While living as a beggar at the mazar he was regularly accosted by a mast baba of the terrible type, who dwelled alone in a mausoleum some distance away. Many times the old mast told him: “You must come to my place, I have been waiting for you.” At first the fakir was reluctant to go and live with a mast known to be hot-tempered, but when he met the baba again during an out-of-the-body journey and he disclosed to him that he needed him to take care of the tombs as he was about to die, the fakir consented.
The mast baba had an attendant who had been with him for more than twenty years. He sent him away. The attendant remained for some days outside the tomb imploring his master to be allowed back in his presence, but the mast baba refused. To outsiders this decision looked very cruel, as the mast had also been notorious for beating the same attendant often for apparently no reason. The only plausible explanation was that he was a jalali mast. But the mast told the fakir that he only beat his former attendant when he came to know telepathically that his mind had become distracted and had stopped doing ‘perpetual zikr’.
Shortly afterwards the old mast died and the fakir replaced him in the mausoleum. For fifteen years now he has not slept one night outside the mausoleum.
Dervishes have a deep respect for masts and majzoobs. Many of them have in one way or another been transformed by a meeting with a mast or majzoob, or have passed themselves through the experience of being a mast. Some assert that the state of mast is inevitable for most dervishes. The condition of mast and majzoob may last for short or long periods or till one dies. Some are born a mast or majzoob.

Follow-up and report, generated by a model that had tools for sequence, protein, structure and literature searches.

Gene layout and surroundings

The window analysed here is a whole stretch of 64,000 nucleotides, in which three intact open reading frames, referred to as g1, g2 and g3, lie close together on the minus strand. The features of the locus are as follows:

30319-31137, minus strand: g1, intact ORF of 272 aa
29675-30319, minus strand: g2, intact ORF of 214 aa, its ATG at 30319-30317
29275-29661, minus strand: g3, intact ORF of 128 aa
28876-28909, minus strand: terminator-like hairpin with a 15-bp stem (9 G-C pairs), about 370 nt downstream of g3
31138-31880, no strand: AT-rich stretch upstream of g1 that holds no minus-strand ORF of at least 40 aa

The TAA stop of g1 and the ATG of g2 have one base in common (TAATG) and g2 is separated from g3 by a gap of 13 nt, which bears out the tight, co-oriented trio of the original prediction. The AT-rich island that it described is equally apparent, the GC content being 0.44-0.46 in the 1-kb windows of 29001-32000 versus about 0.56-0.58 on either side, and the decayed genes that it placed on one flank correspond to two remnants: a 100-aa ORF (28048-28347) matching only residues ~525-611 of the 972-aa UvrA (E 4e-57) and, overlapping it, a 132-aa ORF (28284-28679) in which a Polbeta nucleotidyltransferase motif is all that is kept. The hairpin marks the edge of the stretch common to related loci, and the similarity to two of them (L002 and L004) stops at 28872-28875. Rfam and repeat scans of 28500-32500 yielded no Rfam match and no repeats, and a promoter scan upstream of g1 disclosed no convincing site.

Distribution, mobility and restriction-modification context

Meher Baba kept up throughout his life a special relationship with masts and majzoobs. This relationship was both remarkable and unique. Meher Baba went himself for a short period through the state of majzoob. One afternoon in 1913 as he was coming back from school and passing the dwelling-place of an old woman fakir, who was reputed to possess occult powers, she called him to approach. She took his head between her hands and kissed his forehead. He reached his home in a dazzled state of mind.
In 1936 Meher Baba began to show an intense concern for divinely intoxicated people. He sent his disciples to all provinces of India in search of masts and majzoobs and set up several ashrams for them. He himself visited and contacted hundreds of them during his many travels. With some masts and majzoobs he sat in seclusion for hours and days, communicating and receiving powers on a supramental level. He explained that he was helping masts to reach a higher stage or that he was using their minds as a medium to transmit particular energies to other parts of the world, as their minds reach far beyond the ordinary levels known to us. He went into a state of ‘two in one mind’ with them. After sessions with certain masts Meher Baba was completely exhausted and perspiring. While distinguishing divinely intoxicated people from ordinary mad people who “can at best hope to return to normality by suitable treatment”, he said that masts and majzoobs occupy a significant position in our world.